rmdir - remove directory
Standard C Library (libc, -lc)
rmdir(const char *pathname);
rmdir removes the directory named by pathname. The directory (and all the components in its path prefix) must exist. The directory must be empty, except for the . and .. entries, and may not be the root directory of the filesystem.
It is invalid to attempt to remove the . or .. entries in a directory. What rmdir actually removes is a name in some (other, containing) directory; removing the . or .. names would make a mess. It is not invalid for a process to remove its own current directory, but it does not work to do so by calling rmdir(".").
It is impossible in any event to remove a directory named with .., because it is impossible to name a directory with .. unless it is not empty.
If a directory is in use (e.g. being read by ls, or is some process's current directory, etc.) when it is removed, all further accesses to it should be rejected (with ENOENT). Like a file deleted while in use, it should only be fully removed when all remaining references to it are dropped.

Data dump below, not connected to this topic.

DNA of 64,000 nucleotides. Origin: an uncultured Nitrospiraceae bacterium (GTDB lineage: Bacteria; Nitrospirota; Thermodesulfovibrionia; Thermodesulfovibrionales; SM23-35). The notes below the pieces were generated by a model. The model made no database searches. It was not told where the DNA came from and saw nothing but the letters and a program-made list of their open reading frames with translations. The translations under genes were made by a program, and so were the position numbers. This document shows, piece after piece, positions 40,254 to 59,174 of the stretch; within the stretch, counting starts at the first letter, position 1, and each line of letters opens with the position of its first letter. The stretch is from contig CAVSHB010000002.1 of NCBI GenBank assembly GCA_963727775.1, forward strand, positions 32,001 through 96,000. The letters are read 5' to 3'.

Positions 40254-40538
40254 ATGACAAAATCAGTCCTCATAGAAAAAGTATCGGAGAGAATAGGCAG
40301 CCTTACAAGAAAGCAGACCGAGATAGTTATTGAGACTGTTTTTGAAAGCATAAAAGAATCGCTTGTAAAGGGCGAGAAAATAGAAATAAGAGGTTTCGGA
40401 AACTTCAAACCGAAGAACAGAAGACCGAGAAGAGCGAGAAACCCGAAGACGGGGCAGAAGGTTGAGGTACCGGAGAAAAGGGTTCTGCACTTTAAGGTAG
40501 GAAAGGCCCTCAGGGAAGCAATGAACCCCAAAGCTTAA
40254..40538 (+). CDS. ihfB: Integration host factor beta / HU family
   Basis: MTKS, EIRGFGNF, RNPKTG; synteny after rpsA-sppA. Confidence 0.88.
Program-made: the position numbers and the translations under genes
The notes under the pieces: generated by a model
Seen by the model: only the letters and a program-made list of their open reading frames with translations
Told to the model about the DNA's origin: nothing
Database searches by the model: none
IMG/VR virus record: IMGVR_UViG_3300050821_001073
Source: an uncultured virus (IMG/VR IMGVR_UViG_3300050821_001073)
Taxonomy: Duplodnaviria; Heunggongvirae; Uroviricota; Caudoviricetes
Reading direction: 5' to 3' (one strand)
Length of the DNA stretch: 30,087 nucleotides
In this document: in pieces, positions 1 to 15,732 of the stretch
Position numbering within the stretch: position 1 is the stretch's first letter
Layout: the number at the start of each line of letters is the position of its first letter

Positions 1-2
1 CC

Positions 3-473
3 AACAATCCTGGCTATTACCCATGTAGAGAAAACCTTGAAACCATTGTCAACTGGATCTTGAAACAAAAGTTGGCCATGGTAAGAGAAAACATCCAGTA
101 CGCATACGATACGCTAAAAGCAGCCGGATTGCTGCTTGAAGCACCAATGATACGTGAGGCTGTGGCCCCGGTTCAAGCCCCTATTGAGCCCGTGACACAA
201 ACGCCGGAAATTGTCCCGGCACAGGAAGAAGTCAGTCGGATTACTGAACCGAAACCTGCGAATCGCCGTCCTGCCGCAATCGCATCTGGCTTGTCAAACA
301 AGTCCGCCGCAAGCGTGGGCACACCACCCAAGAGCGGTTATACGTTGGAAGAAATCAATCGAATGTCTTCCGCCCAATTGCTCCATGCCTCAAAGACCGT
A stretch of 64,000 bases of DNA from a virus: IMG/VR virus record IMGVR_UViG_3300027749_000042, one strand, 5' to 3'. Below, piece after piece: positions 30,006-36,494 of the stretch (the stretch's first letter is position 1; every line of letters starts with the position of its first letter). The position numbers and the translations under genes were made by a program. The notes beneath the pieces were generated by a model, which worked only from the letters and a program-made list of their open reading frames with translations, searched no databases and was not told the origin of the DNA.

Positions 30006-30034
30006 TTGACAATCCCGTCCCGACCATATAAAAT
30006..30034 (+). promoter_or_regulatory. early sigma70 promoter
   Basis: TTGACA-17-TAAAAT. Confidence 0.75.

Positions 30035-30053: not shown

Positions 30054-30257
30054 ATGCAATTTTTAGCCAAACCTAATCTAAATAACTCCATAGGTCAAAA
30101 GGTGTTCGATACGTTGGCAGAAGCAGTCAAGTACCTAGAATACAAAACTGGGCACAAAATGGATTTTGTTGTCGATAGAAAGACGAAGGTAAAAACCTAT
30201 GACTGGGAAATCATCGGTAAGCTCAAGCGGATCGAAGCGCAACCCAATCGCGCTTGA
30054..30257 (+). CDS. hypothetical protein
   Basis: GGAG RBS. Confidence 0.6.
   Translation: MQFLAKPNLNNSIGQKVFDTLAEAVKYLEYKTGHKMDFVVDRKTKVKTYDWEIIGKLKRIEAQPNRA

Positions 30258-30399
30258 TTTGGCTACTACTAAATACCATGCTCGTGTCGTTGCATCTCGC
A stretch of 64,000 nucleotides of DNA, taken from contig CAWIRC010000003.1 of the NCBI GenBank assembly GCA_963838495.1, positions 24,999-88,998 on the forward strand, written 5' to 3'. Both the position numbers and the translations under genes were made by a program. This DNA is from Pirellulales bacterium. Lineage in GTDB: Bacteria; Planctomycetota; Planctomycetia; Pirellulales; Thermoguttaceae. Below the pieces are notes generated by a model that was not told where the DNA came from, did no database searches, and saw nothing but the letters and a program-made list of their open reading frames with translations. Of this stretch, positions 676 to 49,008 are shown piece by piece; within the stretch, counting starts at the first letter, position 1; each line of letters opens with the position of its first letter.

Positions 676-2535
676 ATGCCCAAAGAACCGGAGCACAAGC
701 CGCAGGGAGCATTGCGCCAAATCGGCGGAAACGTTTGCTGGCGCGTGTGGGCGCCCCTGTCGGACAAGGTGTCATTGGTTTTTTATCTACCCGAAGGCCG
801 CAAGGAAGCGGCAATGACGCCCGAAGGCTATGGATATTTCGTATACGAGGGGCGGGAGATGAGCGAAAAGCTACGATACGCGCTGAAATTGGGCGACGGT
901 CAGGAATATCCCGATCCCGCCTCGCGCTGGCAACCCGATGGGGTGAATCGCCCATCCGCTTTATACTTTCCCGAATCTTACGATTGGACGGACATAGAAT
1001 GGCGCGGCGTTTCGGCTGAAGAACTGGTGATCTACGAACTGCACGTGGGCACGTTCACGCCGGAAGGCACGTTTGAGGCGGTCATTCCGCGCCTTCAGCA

The removal must be atomic, both with respect to other running processes, and (if implementing a recoverable file system) with respect to crash recovery.
On success, rmdir returns 0. On error, -1 is returned, and errno is set according to the error encountered.
The following error codes should be returned under the conditions given. Other error codes may be returned for other errors not mentioned here.
|ENODEV||The device prefix of filename did not exist.|
|ENOTDIR||A non-final component of pathname was not a directory.|
|ENOTDIR||pathname referred to an object that was not a directory.|
|ENOENT||The target directory did not exist.|
|EINVAL||An attempt was made to remove a . or .. entry.|
|ENOTEMPTY||The target directory was not empty.|
|EIO||A hard I/O error occurred.|
|EFAULT||pathname was an invalid pointer.|
Attempts to remove .. may generate either EINVAL or ENOTEMPTY.